-CHINA WARNS WEST AGAINST USING FORCE…The Chinese Communist Party’s official newspaper warned Monday against Western military intervention in Syria, in a strongly worded reminder that China, like Russia, is wary of forceful international action even as the civil conflict in Syria grows bloodier. “The Syrian question should be resolved by the Syrian people,” said a commentary in the China Daily. “Outside powers do not have the right to stick their hands in.”
-ASSAD SPEAKS…Assad’s first speech in five months yesterday laid down another hard-line marker. He told parliament that what happened “in Houla and elsewhere in Syria are brutal massacres even monsters would not have carried out.” As always, he blamed foreign-backed terrorists.
Another messy Arab Spring headline – just in: Libyan armed brigade surrounds Tripoli airport; flights canceled, security official says. We’ll keep watching…
EGYPT: POST-MUBARAK UNREST
And – another – this from Alex MARQUARDT: Protesters remain on Tahrir Square, calling for a retrial for Mubarak, his former interior minister, six security officials and the two Mubarak sons. The public prosecutor says he will appeal the verdict. Both presidential candidates are trying to use the verdict to gain an upper hand for the next round. The other defendants aside, this is the best way the judge could have handled the Mubarak case; they were never going to put him to death and anything short of a life sentence and there would have been all-out chaos in the streets. A crying Mubarak reportedly refused for three hours to get off the helicopter once at the prison but state news agency MENA now reports that Mubarak is in Tora Prison, his mugshot has been taken, and the prisons authority has denied his request for his personal doctors to oversee his health. There are calls to postpone the next round of voting.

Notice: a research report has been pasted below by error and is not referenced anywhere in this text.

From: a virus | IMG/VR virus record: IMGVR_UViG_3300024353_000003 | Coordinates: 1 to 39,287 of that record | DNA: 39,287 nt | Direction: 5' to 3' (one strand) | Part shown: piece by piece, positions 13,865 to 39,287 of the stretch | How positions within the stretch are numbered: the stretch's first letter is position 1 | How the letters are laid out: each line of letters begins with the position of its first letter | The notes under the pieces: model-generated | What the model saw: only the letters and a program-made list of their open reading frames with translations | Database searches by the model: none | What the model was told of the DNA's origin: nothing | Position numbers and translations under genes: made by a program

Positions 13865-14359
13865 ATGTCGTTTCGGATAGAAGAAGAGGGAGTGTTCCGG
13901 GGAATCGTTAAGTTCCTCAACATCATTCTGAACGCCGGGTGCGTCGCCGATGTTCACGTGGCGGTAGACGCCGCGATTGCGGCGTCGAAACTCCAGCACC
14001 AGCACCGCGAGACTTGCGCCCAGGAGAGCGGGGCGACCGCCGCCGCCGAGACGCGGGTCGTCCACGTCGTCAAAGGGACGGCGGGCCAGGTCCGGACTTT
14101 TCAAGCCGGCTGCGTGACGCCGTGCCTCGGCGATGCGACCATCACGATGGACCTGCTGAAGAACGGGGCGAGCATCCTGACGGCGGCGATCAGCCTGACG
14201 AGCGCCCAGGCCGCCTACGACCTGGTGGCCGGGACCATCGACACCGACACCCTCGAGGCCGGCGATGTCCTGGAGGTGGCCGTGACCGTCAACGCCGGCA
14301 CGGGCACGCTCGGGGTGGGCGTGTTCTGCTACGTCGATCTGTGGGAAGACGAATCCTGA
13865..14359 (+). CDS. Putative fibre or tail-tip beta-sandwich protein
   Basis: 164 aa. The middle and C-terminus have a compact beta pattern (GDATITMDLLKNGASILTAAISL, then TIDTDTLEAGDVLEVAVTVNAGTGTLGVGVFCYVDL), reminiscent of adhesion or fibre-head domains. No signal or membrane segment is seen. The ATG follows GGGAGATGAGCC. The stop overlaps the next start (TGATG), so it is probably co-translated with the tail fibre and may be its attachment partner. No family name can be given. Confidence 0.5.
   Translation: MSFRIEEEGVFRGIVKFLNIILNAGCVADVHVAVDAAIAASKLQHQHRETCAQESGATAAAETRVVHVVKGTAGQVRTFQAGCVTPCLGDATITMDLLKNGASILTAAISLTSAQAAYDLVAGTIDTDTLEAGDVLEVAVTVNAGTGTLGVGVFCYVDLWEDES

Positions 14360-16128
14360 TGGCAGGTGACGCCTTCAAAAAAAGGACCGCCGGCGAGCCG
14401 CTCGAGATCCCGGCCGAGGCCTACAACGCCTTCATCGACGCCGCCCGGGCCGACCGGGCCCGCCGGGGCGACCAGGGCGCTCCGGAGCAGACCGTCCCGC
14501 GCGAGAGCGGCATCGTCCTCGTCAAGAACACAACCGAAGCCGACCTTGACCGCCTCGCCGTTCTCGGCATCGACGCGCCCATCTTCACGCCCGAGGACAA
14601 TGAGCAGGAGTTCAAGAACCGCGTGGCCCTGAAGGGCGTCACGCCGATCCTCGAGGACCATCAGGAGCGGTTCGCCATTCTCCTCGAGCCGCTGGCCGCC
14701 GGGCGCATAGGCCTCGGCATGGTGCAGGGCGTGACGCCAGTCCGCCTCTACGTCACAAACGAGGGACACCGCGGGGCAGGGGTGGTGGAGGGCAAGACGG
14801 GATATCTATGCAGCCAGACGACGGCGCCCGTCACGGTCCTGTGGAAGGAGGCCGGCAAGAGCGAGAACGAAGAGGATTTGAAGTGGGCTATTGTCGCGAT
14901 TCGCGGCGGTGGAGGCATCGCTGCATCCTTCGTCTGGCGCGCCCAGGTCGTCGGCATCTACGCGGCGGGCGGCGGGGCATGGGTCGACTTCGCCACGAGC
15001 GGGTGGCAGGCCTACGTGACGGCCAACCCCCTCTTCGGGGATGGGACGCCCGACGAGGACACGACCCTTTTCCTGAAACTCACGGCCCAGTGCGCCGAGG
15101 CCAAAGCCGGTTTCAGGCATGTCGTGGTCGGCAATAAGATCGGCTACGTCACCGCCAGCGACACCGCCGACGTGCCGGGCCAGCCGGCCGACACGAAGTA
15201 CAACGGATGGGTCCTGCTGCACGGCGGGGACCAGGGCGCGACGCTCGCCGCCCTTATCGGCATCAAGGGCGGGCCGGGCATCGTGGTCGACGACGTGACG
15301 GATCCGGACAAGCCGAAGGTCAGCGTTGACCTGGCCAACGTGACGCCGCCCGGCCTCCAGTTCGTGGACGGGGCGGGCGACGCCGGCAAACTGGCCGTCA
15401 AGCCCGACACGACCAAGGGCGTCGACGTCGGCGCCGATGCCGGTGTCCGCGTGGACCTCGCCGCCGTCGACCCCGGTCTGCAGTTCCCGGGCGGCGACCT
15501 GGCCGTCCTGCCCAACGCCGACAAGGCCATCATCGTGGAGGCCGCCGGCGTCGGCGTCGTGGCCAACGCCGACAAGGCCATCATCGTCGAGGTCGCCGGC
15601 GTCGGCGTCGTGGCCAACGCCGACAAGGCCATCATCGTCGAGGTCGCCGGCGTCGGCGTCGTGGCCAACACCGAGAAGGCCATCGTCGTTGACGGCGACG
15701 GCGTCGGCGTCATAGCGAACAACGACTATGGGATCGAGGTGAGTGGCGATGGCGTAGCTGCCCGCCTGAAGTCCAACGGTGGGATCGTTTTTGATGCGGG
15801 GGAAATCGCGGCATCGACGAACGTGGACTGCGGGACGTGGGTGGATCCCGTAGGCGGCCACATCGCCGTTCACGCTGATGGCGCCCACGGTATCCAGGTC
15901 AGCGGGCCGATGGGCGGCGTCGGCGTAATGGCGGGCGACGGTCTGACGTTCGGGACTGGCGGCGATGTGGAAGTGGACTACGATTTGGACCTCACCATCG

NIGERIA PLANE CRASH
Bazi KANANI reports three days of mourning have begun in Nigeria for more than 150 people killed when their plane crashed in the city of Lagos. The Boeing MD-83 plunged into a printing works and residential buildings before bursting into flames. Rescue officials said Monday they fear many people may have been killed on the ground as well. We are working to confirm CNN reports that the pilot of the doomed flight was American.
THE KARZAI CLAN
The NYTimes has an interesting piece on the Karzai clan - seven brothers who’ve amassed a private fortune over the last ten years – while Hamid Karzai has been in power. Says the Times: “The extended Karzai family has for years simmered with tensions, jealousies, business rivalries, blood feuds and even accusations of murder.” One brother is suspected of trafficking opium, while another allegedly imprisoned one brother’s aid to extract information about where he kept his savings.
CHINA BLOCKS TIANANMEN TALK ON 23RD ANNIVERSARY